Today I was wandering around on the net and ended up at National Public Radio which is one way to get a taste of home since I often listen to NPR in the car wherever I happen to be living when I'm in the states.
Looking around I found the program Justice Talking and specifically this topic, "Creationism v. Evolution: Will Religion or Science Prevail?" caught my attention.
I can't say I'm pro−creationism but I can say that I am vehemently anti *blind* darwinism. Listening to the talk above, as usual it seemed the Darwinists are the ones with a closed minds. The new way of framing the creation side is to change believing in God to believing in a designer. As such the focus has changed from a religious one (God Created the Earth) to a scientific one (What Evidence is there that supports an intelligent designer and or does not support evolution.) That seems to me a valid question.
There are in fact several discoveries and ideas that evolution cannot currently explain. The darwinistic scientists just wave their hands and claim "we're just not smart enough yet to see how evolution handled this case but we are sure it did". Huh?
So, looking around for some links I was especially interested in links from either side directly dealing with claims from the other side (vs just talking past each other like they usually do). I found one site at least having intelligent debate which you can check out here if you are interested.
One interesting idea I read in one article was about "irreducible complexity" which if I understand correctly is about certain things in biology that appear that they would have had to develop all at once. In otherwords, several genes would have to mutate all together at the same time in order for the particular feature to appear. To an "intelligent design" believer those features suggest intelligent design, to an "evolution" believer they suggest that we just don't yet understand the steps involved.
An interesting analogy though is that if we see something in biology that appears to be "irreducible complexity", in other words, something that at our current understanding *looks* like it was designed (which even darwinist biologists often use to describe what they find), those biologists, because they believe in darwinism, assume that we just can't yet see how it could have been created through evolution. And yet, in the same way, we are searching the universe for signs of intelligent life by looking for signals that appear to be designed. In the one case we assume that designed signals are examples of intelligent design but not in the other.
In fact the author of that particlar analogy went on to posit that if someone did actually design say a micro "stinger" that allowed a one celled animal to sting its prey and fill it with deadly gas, something that has not yet been discovered naturally. If that engineered one celled animal was released into the wild and then discovered by a third party darwinist biologist, that biologist would likely never even consider that that part could have been engineered. They would search and search for a way for it to have evolved even though in fact it had been engineered.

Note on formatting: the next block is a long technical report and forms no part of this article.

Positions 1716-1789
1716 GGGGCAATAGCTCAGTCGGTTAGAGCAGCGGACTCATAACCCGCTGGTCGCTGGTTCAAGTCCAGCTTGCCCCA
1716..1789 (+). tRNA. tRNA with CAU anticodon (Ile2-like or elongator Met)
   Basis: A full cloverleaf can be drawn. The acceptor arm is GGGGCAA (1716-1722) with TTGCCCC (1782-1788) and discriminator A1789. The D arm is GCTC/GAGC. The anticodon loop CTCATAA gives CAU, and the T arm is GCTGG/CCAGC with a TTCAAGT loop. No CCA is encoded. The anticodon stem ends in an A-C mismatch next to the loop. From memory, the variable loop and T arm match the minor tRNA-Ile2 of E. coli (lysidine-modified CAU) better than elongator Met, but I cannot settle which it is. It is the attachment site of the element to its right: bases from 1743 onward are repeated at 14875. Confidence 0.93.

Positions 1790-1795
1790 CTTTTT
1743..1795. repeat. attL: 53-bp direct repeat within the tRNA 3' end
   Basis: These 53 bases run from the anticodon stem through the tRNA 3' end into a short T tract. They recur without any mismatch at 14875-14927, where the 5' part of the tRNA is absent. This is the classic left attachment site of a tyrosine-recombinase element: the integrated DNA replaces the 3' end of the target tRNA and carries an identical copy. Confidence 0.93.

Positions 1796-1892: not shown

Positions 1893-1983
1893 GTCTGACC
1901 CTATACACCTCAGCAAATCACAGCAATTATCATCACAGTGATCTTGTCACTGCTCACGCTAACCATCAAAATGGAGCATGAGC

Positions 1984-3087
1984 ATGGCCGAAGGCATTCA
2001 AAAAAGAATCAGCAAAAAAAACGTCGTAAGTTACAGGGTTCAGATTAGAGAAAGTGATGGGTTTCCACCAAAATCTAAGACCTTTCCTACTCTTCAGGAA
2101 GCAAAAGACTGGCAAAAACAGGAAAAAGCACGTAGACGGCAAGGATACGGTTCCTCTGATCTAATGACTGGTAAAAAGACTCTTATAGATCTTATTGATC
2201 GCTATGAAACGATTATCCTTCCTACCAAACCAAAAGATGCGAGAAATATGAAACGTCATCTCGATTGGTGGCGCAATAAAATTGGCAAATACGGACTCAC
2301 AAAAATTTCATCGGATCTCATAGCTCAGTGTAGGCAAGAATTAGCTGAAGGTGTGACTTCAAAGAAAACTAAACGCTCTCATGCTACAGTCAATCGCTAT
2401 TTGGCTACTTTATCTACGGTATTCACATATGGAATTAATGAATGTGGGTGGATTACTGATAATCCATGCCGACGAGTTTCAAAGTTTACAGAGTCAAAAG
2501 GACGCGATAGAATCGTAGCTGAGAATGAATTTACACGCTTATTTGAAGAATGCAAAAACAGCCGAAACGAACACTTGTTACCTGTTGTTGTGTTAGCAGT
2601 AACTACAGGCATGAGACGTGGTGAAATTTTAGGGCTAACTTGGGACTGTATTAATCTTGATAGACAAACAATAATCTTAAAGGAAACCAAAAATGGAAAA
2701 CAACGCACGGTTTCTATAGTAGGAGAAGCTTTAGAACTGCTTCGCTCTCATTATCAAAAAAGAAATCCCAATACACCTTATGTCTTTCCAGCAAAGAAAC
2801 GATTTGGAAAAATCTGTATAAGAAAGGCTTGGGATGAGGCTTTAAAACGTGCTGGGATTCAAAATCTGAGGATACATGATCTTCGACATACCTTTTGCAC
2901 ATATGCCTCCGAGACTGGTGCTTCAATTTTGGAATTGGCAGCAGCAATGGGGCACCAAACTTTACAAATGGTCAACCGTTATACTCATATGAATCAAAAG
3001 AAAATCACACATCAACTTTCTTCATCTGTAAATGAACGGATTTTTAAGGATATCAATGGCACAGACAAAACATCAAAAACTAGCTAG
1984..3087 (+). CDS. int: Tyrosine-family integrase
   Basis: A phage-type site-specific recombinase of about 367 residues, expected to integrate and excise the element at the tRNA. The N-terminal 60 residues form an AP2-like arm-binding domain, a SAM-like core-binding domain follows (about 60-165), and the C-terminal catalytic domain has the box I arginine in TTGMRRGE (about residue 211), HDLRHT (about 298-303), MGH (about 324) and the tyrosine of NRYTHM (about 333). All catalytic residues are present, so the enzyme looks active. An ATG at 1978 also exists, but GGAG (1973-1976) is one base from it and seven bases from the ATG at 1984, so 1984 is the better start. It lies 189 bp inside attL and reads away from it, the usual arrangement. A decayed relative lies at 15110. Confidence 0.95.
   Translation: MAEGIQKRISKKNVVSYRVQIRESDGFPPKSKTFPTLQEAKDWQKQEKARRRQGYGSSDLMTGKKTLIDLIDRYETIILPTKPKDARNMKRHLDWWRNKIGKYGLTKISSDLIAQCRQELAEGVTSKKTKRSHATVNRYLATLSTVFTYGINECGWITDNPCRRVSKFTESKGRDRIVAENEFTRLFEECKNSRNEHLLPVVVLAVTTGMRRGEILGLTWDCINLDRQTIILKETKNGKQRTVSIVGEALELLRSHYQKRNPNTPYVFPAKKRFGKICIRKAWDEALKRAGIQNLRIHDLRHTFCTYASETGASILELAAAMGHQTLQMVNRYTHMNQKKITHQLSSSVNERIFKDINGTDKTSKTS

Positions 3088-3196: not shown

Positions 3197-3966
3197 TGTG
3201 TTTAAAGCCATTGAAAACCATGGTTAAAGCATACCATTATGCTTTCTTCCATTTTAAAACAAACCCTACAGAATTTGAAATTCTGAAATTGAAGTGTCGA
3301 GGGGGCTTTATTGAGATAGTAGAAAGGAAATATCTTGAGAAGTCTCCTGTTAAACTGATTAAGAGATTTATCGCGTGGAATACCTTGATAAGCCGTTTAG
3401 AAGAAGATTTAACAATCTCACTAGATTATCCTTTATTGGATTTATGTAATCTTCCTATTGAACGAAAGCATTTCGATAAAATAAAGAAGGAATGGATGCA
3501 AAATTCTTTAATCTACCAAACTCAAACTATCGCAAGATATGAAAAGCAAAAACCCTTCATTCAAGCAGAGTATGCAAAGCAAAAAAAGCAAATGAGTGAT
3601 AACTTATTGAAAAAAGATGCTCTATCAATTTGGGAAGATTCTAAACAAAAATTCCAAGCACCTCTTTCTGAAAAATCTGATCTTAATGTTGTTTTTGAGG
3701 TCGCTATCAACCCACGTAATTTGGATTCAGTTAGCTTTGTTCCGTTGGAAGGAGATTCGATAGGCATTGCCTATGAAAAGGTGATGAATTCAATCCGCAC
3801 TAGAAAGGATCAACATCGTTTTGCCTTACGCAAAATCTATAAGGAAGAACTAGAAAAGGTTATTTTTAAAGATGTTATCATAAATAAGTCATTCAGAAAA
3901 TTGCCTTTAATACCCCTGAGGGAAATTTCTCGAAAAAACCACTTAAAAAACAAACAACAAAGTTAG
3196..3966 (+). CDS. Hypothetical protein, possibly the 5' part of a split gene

I'm not trying to suggest that God created the earth. I am only trying to point out that evolution is far far far from a *proven* theory.
Another interesting analogy, I watched a Nova about the exploration of Venus. One thing became very clear from watching that episode. If scientists can't actually reproduce their results then they really are just guessing. If you watch the episode, the first half shows the various *experts*, with all their observed data, telling us what Venus is like. Then, we send a probe to Venus and they turn out to ALL BE WRONG!!! The last 20 minutes of the show they then argue about how Venus got the way it is.
In the same way, since evolution is only something you can observe over long periods of time, longer than any human has been alive, we are only looking at the results and extropolating how things got that way. Until we actually build a time machine or are around for a few million years we will not be able to know if evolution works or not.
Yes I know that experiments have shown you can get certain animals/cells to mutate to adapt to special environments. What has not be shown though is that that mechanism is sufficient to turn a bacteria into a flower, tree, bunny, dog, human or even to another truely unique single celled animal over 4 billion years of mutations.
Back to the particular NPR program, I'm not sure how evolution is currently taught (or how evolutionists would like it to be taught). From my point of view it is mostly irrelavent to most topics of biology. You can learn about DNA, RNA, cell replication, reproduction and also higher level functions, respiration, circulation, digestion, muscle systems etc all without learning about evolution. That's not to suggest that you shouldn't learn about evolution. Clearly it's a topic that has influenced our society in very large ways and is therefore very a important topic. But, in my opinion, it should be taught as a theory in the same way as the Big Bang is taught as a theory. At least when I was taught about it it was made clear that we really don't know. Some scientists believe the universe is expanding and will expand into oblivion, others believe it will eventually contract and is cyclic in nature. This made it clear to me at least that it was a theory.
Also, one last random thought, just because some people might believe in "intelligent design" does not mean they therefore must believe in a "God". There are explanations like this one from an episode of Star Trek:TNG. 😉